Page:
© Emma Foster
The "spellbinding" (Washington Post) music of Chicago-based composer Paul Novak immerses listeners in shimmering and subtly crafted musical worlds full of color, motion, light, and magic. Rejecting grandiose narratives, his work is driven by a love of small things - miniature forms, delicate soundscapes, and condensed ideas - and guided by a sense of empathy for theperformers playing his music.
Novak was selected for a 2022 Charles Ives Scholarship from the American Academy of Arts and Letters, and has received other recent honors from the ASCAP Foundation, Red Note Competition, League of Composers/ISCM, Lake George Music Festival, and National Association of Composers of the USA, among others. In 2020, he was the recipient of the American Composers Orchestra’s Underwood Commission for a new orchestral work that the ACO will premiere in Carnegie Hall; he has also received commissions from ASCAP and Society of Composers, Inc., Music from Copland House, the Boston New Music Initiative, Blackbox Ensemble, and Kinetic Ensemble. He was featured in the Washington Post's "23 for '23 :
Composers and Performers to Watch this Year," where he was praised for his "impressive range and restless energy" in a catalog spanning "lithe, elastic vocal pieces...vibrant orchestral works...and evocative etudes for string quartet." Other recent collaborators include the Austin Symphony, Orlando Philharmonic, Sandbox Percussion, Ekmeles, Quince Ensemble, Left Coast Chamber Ensemble, Quatuor Diotima, LIGAMENT Duo, and Tribeca New Music. Upcoming projects include new works for InfraSound Ensemble, Civic Orchestra of Chicago, DanceWorks Chicago, and Lynx.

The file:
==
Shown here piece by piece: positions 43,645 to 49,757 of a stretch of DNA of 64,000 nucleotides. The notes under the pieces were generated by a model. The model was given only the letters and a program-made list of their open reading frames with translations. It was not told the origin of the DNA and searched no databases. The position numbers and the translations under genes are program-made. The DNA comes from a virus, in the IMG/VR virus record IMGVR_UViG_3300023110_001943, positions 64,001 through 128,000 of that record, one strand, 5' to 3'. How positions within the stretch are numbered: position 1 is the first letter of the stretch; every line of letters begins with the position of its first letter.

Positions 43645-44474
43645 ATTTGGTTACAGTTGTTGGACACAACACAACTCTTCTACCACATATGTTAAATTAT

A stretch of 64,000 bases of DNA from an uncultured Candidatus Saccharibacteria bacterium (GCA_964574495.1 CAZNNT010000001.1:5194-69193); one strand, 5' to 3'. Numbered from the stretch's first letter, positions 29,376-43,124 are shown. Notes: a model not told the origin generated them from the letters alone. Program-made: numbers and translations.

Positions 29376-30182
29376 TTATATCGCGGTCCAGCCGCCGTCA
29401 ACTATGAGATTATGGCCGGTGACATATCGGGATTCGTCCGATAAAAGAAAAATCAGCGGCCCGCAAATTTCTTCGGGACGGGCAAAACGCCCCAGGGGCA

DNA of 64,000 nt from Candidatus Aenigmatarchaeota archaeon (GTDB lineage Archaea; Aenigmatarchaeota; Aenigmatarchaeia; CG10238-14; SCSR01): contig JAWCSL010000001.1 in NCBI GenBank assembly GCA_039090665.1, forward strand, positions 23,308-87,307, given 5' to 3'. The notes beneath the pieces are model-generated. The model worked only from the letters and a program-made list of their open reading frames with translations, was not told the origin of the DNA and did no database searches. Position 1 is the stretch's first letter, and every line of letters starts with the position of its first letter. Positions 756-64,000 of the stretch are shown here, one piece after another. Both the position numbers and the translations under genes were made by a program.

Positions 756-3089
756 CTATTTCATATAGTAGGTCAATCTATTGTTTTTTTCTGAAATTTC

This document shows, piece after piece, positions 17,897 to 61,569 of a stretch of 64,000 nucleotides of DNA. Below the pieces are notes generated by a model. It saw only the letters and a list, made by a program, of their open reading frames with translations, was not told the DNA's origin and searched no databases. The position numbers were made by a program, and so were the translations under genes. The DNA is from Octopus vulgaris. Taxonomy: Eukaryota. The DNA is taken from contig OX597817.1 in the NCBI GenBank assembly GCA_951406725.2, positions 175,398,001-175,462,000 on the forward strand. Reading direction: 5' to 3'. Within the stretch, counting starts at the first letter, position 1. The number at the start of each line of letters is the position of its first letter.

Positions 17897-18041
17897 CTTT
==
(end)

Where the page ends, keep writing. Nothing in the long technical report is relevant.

Collaboration and interdisciplinarity are at the center of Novak's creative practice, and his recent work has been driven by a passion for working with text, an attunement to the embodied experiences of musicians, and a fascination with collective, social aspects of performance. His work draws inspiration from literature, visual art, dance, and poetry, from biological and astronomical phenomena, and from history and myth. His recent projects have included collaborations with poets, visual artists, dancers, choreographers, and a spoken word artist. Originally from Reno, NV, he completed his undergraduate studies at Rice University, and is currently a PhD student at the University of Chicago, where he studies with Augusta Read Thomas.